The European Union and a consortium of multinationals like Telefonica, Thales or IBM launched FIWARE in 2014, a set of open source and API-enabled tools for developers interested in building “smart applications in multiple vertical sectors”.
The project, which was launched with much fanfare and a €100 million budget, was criticised by many in the industry, as it was -and still is- viewed as a waste of public money and a somewhat useless effort from giants like Telefonica.
As Mike Butcher put it in this article from March of last year, “FIWARE produces prototypes based on largely dead technologies which go nowhere. It does not create value, economic development or successful startups and entrepreneurs”, he argued. “It all looks like a simple front for Telefonica and the EU to look like they are ‘doing something’”.
And indeed, it appears like FIWARE is turning out to be a waste of public money and entrepreneur’s time.
There are various faces to the FIWARE initiative. The main one is FIWARE, the set of APIs that are there for developers to use to create prototypes of “smart city” apps. These applications can be developed at FIWARE’s various hackathons (with prizes that range from €56K to €145K) and winning participants will receive feedback from experts in the field and other developers that also use the platform.
Then there’s also FIWARE Lab (“a non-commercial sandbox environment where innovation and experimentation based on FIWARE technologies take place”), FIWARE Ops (“a collection of tools that eases the deployment, setup and operation of FIWARE instances by Platform Providers”), FIWARE Accelerate (an €80 million acceleration program that aims to “promote the take up of FIWARE technologies among solution integrators and app developers”) and FIWARE Mundus (“a program designed to bring coverage to this effort engaging local ICT players and other players from different parts of the world”).
One of FIWARE’s main components is its acceleration program, which is the result of partnerships with various European accelerators. One of the best examples is IMPACT Accelerator, a program launched by Barcelona-based ISDI, Buongiorno, Teknologiudviking ApS and Madrid-based Venture Capital firm Seaya Ventures.
Startups chosen by IMPACT must use FIWARE in some shape or form to develop their own products and services, and will receive a €100,000 investment in return -no startup equity is given up- and help from its vast group of mentors.
While various developers we have talked to claim that IMPACT and its mentors have been useful, when FIWARE gets in the middle, it all breaks down.
FIWARE: a waste of startup’s time
According to a couple of developers who wish to remain anonymous and who have participated in various FIWARE-related projects, “it’s all a waste of time”.
The problems with the initiative are vast and start with the lack of concrete and useful explanations from FIWARE’s advocates. “I recently attended one of their talks and FIWARE’s very own developers were not able to respond to most of our questions”, a source says.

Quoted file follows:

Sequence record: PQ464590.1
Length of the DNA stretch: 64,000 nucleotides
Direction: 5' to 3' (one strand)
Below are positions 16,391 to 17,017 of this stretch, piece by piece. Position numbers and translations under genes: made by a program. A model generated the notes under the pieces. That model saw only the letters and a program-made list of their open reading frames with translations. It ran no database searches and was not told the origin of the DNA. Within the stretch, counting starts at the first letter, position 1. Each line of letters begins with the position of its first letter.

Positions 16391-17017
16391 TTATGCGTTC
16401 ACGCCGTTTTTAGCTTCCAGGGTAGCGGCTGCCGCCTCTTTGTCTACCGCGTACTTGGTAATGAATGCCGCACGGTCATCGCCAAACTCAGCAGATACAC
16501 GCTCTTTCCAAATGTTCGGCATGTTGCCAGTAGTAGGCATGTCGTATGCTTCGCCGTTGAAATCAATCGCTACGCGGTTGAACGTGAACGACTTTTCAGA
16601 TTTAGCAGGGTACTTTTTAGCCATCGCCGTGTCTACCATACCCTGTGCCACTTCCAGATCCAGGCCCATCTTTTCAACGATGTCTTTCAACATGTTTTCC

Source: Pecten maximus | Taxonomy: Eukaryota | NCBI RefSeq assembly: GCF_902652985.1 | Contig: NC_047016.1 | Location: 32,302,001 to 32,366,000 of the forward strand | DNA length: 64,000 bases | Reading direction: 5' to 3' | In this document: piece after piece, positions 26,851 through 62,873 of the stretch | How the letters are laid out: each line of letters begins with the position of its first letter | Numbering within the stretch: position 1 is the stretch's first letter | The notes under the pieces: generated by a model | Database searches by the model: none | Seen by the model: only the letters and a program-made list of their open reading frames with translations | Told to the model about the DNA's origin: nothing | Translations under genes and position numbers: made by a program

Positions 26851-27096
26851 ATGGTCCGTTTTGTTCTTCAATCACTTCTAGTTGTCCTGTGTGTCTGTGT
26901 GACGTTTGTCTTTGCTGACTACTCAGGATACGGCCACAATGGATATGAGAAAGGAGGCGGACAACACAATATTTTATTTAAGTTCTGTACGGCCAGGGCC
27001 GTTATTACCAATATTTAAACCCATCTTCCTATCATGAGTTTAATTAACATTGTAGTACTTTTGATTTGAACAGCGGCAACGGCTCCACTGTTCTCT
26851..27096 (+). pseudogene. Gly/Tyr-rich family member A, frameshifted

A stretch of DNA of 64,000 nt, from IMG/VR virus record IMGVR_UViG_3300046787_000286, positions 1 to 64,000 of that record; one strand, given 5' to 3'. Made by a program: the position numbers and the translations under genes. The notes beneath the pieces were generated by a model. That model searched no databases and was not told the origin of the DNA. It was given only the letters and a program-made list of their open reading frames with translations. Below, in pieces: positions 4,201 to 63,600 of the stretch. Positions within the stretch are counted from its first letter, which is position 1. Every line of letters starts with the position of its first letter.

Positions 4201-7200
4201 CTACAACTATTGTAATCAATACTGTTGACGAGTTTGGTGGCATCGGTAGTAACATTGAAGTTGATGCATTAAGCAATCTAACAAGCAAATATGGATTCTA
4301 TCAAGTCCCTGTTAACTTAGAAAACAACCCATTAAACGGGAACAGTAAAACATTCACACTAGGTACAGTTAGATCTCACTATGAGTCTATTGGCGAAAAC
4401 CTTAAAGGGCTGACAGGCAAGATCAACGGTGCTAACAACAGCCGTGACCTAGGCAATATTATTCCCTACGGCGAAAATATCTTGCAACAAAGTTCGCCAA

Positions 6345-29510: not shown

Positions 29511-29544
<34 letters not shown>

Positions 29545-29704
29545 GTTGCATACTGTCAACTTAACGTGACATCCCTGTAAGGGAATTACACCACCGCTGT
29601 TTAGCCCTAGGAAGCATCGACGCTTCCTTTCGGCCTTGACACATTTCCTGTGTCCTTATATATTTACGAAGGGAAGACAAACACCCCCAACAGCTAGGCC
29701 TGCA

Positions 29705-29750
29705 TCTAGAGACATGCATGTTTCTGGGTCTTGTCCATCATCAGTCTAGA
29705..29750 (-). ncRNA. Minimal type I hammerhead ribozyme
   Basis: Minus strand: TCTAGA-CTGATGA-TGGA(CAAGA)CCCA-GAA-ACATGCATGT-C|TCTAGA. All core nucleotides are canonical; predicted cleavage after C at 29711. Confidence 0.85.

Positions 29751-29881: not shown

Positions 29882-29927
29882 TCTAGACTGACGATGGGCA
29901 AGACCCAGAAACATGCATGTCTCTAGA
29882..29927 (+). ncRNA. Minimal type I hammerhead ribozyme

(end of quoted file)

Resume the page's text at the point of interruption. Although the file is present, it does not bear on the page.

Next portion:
Most say that FIWARE’s documentation is far from complete and help from their evangelists is not what they expected. “Most of the answers to our questions are far from useful”, one source says. “IMPACT’s organizers don’t understand FIWARE and their own devs don’t sit down with us very often. Instead they ask us to go to events where they will explain how it all works, but this is a waste of time”.
These same sources claim that the worst of all is that IMPACT and other accelerators “force teams to use a set of APIs and tools that don’t add any value to our projects. It’s a distraction and a way to lose focus”.
We have talked to multiple developers and startups and nobody has met anyone who has successfully used FIWARE to their own benefit. “There’s no community behind it, it has no history and it doesn’t solve any problem that startups might have in their day to day operations”, another source says. “The open source movement doesn’t need these kind of efforts when there are things like Hadoop that already work very well and have a strong community behind them”.
Many see FIWARE as a way for Telefonica and others (like the accelerators) to promote themselves and justify vast and lucrative budgets. I’ve also argued numerous times that firms like Seaya Ventures and others must have joined the game to improve their deal flow, with very little knowledge of how FIWARE works and how it impacts startups.
What seems clear is that very few people are benefitting from this and FIWARE’s public-private initiative is creating more headaches than solving actual problems. “Instead of forcing us to use FIWARE, I wish we’d have the freedom of choosing how to use our time”, a source says.
As we said at the time, most startups applied to IMPACT to get €100,000 of free capital. What they probably didn’t know is how much of a pain it’d be to use FIWARE. A waste of time, a waste of money and a waste of public (EU) and private (Telefonica, IBM, etc) resources.
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